Posted by: stephen on November 12, 2006 4:16 PM | Permalink | Reply to this

Re: Tales of the Dodecahedron

You should count them as Platonic solids if they have the same symmetry group as (the polygonal) Platonic solids, right?

Well, no - since then we’d have to count the cube and octahedron as the same, since they have the same symmetry group. The dodecahedron and icosahedron also have the same symmetry group.

So, there’s more to the essence of a regular polytope than its symmetry group. The question is: what?

In trying to answer this, modern mathematicians have decided that regular polytopes drawn on a sphere are more fundamental than those with planar faces. If we include these, the classification becomes more systematic! In addition to the usual Platonic solids, we get the hosohedra with nn bigons as faces, like this:

and their duals, the dihedra with two nn-gons as faces, like this:

(Both these pictures show the example where n=6n = 6.)

Including hosohedra and dihedra may seem weird at first, but it basically amounts to not discriminating against the number 2: we allow 2-sided polygons and allow 2 polygons to meet at an edge. This is naturally suggested by the Schläfli symbols for regular polytopes - those funny little symbols next to the pictures above, which are part of a very nice mathematical theory.

And, if we allow hosohedra and dihedra, the McKay correspondence works out much better!

So, it seems the early inhabitants of the British isles were in some ways further along than the Greeks in understanding the deep inner meaning of Platonic solids. I know McKay, and he likes this - national pride I guess.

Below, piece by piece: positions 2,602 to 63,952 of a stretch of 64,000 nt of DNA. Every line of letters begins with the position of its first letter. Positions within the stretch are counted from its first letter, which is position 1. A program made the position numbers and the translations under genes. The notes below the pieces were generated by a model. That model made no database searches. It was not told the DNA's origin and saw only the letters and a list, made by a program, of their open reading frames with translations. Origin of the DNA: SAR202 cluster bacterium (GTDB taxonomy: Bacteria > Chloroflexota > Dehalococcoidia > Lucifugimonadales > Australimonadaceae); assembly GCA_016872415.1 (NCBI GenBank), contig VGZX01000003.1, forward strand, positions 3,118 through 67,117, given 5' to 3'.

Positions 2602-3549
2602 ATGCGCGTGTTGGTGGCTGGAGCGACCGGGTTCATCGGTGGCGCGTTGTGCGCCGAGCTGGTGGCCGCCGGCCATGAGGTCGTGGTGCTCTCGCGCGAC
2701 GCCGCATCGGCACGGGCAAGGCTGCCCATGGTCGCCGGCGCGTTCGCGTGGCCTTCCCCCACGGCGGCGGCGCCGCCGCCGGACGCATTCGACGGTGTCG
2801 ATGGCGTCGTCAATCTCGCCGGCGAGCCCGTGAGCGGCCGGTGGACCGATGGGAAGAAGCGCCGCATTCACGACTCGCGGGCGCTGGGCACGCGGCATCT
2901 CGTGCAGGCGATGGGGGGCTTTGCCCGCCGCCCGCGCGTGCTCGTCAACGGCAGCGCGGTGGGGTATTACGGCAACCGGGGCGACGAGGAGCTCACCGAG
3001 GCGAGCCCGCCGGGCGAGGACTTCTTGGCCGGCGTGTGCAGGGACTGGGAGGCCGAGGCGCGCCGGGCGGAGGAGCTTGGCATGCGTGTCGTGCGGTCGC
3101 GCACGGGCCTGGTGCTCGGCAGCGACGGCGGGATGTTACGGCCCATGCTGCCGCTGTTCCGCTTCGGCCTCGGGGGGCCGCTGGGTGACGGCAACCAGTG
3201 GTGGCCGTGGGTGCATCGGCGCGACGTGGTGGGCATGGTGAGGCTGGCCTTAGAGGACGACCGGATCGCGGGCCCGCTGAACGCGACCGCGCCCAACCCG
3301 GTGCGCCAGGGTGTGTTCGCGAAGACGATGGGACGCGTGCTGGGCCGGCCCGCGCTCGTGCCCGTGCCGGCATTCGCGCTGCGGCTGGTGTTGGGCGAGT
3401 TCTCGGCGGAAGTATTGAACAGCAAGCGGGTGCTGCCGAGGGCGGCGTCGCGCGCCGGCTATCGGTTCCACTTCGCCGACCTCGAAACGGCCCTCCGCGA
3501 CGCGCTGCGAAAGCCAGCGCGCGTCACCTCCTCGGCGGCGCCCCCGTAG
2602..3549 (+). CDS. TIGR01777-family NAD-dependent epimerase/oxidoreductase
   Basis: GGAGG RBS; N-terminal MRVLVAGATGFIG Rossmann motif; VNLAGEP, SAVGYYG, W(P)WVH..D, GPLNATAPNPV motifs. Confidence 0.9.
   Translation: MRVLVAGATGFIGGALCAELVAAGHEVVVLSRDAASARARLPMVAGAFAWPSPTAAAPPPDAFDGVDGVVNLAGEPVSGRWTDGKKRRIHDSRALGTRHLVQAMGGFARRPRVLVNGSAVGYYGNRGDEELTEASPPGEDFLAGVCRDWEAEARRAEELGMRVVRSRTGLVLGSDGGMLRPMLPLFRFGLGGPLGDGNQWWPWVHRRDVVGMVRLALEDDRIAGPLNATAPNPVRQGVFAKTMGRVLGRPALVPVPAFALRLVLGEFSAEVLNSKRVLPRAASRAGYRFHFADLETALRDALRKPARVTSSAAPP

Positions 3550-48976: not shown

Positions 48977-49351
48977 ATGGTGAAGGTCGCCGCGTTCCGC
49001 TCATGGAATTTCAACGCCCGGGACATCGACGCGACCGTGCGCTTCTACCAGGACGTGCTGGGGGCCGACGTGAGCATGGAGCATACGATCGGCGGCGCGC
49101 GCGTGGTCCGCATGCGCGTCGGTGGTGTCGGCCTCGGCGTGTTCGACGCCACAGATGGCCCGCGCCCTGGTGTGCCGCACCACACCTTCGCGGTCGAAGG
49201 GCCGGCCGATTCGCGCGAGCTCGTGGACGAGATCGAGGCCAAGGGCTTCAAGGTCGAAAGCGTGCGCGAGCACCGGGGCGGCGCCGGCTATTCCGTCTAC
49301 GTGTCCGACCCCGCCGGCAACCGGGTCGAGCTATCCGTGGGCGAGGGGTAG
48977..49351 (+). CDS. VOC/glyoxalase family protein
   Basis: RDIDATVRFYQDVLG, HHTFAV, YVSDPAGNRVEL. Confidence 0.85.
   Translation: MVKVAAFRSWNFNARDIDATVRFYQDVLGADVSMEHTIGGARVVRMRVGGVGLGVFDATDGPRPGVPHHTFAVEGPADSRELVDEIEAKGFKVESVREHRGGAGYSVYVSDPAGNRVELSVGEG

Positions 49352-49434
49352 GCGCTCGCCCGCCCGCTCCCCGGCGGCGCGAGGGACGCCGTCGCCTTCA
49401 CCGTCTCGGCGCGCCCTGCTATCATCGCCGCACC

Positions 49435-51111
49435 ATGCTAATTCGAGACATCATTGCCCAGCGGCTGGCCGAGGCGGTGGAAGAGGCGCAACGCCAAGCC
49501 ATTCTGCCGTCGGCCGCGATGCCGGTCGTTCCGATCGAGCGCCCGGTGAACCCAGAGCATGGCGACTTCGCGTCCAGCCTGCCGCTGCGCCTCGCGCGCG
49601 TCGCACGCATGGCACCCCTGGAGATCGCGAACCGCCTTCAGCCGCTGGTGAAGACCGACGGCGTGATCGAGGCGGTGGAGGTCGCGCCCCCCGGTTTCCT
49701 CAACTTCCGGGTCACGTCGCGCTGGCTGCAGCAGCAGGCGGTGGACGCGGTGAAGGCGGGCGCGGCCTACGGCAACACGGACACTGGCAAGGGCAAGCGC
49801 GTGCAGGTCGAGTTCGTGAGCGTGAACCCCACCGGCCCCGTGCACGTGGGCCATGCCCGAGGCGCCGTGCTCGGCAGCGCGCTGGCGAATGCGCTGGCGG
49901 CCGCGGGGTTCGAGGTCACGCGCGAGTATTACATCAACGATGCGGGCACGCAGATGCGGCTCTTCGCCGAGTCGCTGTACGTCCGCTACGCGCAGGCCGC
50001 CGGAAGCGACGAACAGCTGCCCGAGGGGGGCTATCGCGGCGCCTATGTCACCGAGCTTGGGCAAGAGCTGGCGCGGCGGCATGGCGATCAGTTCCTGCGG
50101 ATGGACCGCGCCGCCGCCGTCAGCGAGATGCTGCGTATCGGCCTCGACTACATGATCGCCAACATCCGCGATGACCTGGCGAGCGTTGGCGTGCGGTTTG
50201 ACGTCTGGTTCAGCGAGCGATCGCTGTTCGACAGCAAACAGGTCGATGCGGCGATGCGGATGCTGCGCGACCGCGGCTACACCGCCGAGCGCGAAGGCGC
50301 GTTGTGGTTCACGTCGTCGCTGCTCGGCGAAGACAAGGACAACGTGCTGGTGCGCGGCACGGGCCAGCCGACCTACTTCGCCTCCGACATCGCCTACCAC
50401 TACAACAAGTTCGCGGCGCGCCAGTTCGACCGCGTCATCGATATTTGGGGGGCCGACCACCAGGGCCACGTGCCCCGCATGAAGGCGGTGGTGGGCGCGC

However, I don’t know of any stone spheres that look like hosohedra or dihedra. The realization that 2 is a number just like 3, 4, 5,… came surprisingly late in the history of mathematics - perhaps because many languages, including early Celtic languages, have singular, plural and dual forms of nouns and pronouns.

I know your remark had a smiley under it, but I couldn’t resist taking it seriously, since it leads to some interesting issues.

Posted by: John Baez on November 12, 2006 4:53 PM | Permalink | Reply to this

A counterexample to the claim that…

…the regular dodecahedron doesn’t appear in Nature.

Posted by: Dan Piponi on November 12, 2006 10:09 PM | Permalink | Reply to this

Re: A counterexample to the claim that…

Okay, okay… so the regular dodecahedron has appeared in the journal Nature:

This is a Pariacoto virus with a dodecahedral cage of duplex RNA. Nice!

What I should have said is that people didn’t come up with the regular dodecahedron by seeing examples in nature. They might have seen the pyritohedron in crystals of fool’s gold, and “perfected” it.

Posted by: John Baez on November 12, 2006 11:22 PM | Permalink | Reply to this

Re: A counterexample to the claim that…

By the way, I think those models from Scotland are the most amazing thing I’ve seen in a long time. Is there any chance they’re a hoax? I’m astounded that someone in the culture of Scotland around 2000BC had the time, inclination and insight to make those models. This is the work of someone with a profound understanding of geometry. Could one person have come up with these from nothing, or was there a now lost intellectual culture so that these models are the result of the thought of many people over an extended period? Either way, it’s surprising for what was a neolithic culture. Given the popularity of stone circles in that part of the world, maybe there was a well developed culture of geometry. I wonder what other evidence of it exists.

Posted by: Dan Piponi on November 13, 2006 2:31 AM | Permalink | Reply to this

Those Scots had balls